IBM, Amazon, and Microsoft have stopped providing facial recognition technology to the police, and states and cities around the U.S. are moving to restrict its use.

In Japan, the National Police Agency claims that it does not perform real-time facial recognition in public spaces, but details of how it uses the technology have not been made public.

Prof. Makoto Ibusuki of Seijo University, an expert in criminal procedure law, said: “The police need to increase the transparency of the use of facial recognition technology to prevent a repeat of the ‘GPS investigations,’” referring to investigations conducted by police using GPS devices without warrants, which resulted in a Supreme Court ruling in 2017 stating that the practice was illegal.

During the trial, it was revealed that the people involved had been ordered to keep the illegal use of GPS a secret for many years. The practice came to light by chance, after someone happened to find a GPS device during a vehicle inspection.

The use of GPS devices in police investigations was a new way of tracking suspects, and they were installed without warrants. The technology was used in place of police officers tailing suspects, but the levels of accuracy and efficiency were much higher.

The same holds for facial recognition: In terms of accuracy and the range of surveillance, it is on another level. If the use of facial recognition technology spreads to public spaces, a warrant may be required to conduct investigations in some cases.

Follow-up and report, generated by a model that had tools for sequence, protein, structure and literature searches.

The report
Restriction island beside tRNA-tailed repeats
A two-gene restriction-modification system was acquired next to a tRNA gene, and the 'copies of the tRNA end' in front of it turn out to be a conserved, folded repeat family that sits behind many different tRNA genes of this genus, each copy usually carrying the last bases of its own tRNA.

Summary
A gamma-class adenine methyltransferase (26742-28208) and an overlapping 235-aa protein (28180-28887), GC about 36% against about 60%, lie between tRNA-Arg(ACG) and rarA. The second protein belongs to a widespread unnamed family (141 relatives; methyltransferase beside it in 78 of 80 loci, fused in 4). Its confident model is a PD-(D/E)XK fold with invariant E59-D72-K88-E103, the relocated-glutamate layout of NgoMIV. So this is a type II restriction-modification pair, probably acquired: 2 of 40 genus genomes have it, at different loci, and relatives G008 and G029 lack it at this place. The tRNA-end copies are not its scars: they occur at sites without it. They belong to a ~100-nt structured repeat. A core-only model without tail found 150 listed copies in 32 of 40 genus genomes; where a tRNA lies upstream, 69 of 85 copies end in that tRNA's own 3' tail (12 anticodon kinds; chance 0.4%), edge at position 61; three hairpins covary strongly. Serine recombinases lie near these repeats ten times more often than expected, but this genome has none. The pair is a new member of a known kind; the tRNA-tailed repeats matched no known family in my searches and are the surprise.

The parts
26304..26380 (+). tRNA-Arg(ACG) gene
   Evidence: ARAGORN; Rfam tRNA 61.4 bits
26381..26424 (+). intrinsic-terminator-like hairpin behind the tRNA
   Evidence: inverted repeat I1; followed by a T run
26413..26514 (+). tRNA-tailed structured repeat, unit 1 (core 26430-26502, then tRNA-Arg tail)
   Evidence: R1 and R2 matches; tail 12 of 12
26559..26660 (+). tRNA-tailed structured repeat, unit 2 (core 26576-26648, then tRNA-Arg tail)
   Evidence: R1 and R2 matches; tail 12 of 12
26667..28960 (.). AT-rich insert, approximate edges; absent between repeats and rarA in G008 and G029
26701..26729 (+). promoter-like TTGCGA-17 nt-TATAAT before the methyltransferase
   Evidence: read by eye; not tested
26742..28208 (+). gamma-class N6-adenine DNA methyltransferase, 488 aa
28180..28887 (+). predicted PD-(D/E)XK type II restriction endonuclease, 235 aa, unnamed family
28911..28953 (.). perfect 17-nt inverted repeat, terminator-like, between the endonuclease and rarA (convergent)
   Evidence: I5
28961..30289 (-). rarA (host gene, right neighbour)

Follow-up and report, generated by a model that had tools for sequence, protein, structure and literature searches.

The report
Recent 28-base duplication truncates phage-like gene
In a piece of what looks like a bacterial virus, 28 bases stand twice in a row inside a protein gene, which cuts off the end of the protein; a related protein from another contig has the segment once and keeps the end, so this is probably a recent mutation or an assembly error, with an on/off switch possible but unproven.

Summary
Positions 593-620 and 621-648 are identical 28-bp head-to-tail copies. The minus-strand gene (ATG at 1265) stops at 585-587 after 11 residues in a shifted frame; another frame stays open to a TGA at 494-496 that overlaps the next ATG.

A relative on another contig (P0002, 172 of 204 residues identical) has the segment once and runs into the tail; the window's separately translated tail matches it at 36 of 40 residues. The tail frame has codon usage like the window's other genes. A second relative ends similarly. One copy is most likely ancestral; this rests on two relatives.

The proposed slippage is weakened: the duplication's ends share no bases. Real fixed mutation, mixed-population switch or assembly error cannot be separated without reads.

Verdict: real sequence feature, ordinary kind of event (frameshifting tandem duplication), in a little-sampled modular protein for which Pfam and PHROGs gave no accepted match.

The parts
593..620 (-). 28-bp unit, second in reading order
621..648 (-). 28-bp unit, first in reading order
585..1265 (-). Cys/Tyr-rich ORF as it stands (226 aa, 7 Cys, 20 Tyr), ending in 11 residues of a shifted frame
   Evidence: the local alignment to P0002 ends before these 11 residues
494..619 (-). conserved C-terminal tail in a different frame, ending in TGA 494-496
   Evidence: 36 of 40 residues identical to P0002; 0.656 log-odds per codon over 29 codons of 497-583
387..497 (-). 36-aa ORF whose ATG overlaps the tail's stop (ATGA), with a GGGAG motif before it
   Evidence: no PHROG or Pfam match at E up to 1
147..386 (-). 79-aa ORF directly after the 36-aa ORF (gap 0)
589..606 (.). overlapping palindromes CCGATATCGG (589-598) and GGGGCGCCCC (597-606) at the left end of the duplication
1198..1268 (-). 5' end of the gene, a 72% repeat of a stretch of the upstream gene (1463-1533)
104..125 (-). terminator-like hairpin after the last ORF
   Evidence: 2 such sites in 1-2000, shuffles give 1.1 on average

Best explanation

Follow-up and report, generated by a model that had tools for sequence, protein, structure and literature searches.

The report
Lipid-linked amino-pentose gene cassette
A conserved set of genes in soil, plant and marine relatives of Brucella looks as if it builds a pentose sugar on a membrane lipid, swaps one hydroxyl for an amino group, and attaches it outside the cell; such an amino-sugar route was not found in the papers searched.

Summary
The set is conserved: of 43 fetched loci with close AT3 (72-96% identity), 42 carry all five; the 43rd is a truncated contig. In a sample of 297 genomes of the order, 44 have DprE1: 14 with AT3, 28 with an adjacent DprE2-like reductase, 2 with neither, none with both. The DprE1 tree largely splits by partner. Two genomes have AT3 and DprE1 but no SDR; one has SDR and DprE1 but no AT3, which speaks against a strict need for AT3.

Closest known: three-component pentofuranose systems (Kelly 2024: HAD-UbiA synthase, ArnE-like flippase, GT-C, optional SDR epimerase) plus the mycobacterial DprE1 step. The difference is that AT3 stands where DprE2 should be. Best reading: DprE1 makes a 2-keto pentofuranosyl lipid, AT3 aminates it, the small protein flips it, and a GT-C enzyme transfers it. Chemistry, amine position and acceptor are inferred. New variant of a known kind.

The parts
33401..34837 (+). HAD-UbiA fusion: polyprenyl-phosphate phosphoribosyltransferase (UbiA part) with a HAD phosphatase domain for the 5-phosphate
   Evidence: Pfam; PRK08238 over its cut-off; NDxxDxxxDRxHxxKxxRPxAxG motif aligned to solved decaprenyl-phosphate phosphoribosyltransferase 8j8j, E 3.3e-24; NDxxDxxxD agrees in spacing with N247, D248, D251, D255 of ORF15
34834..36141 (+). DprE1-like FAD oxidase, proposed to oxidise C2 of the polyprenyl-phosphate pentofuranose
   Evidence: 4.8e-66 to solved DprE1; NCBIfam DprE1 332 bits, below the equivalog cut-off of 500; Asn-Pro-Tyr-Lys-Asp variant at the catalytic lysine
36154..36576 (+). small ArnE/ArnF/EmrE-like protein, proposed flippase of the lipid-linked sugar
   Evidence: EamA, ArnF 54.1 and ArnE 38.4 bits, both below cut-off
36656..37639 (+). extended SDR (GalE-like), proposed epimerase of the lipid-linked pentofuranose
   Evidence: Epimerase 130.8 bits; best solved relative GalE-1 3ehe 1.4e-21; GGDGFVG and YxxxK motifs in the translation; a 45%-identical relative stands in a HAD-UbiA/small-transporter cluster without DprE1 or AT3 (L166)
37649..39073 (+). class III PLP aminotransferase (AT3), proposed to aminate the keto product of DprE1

Transparency urged

Courtesy of East Japan Railway Co.
A sign at a train station informs passengers that a facial recognition camera is in operation.

The police have access to privately operated cameras installed in public places such as cameras installed by railway operators.

As of March 2019, there were 94,000 such cameras nationwide and 17 railway operators have dedicated lines to send images in real time to the police in emergencies. The system serves as an important function to protect public safety, but some operators have not disclosed the fact that such cooperation occurs.

East Japan Railway Co. started using cameras with facial recognition functions at train stations in July. According to the company, facial images of suspects, people on parole for serious crimes and people who act suspiciously are stored in their facial recognition system, which can identify such individuals among station users.

However, the company refuses to disclose the locations and numbers of these cameras, the criteria for storing facial images, and where and how it obtains the images.

Over a 12-month period, Google said it had received from the U.S. government more than 10,000 so-called geofence warrants, forcing them to disclose information that can be used to identify people who were near the site of a crime when it took place. It is not a targeted request for information, but rather a dragnet of data on all people who match certain criteria.

The system greatly contributes to efficiently conducting investigations. But at the same time, it violates the privacy of countless individuals who are not criminals. It is essential that people are informed by companies of the fact that their information has been provided to the police. It is also necessary that their data is discarded when they are cleared of suspicion.

According to legal expert Ibusuki, “there is an urgent need to create rules that can be applied to data-driven investigations,” as the use of data collected through such technology as facial recognition systems will likely increase.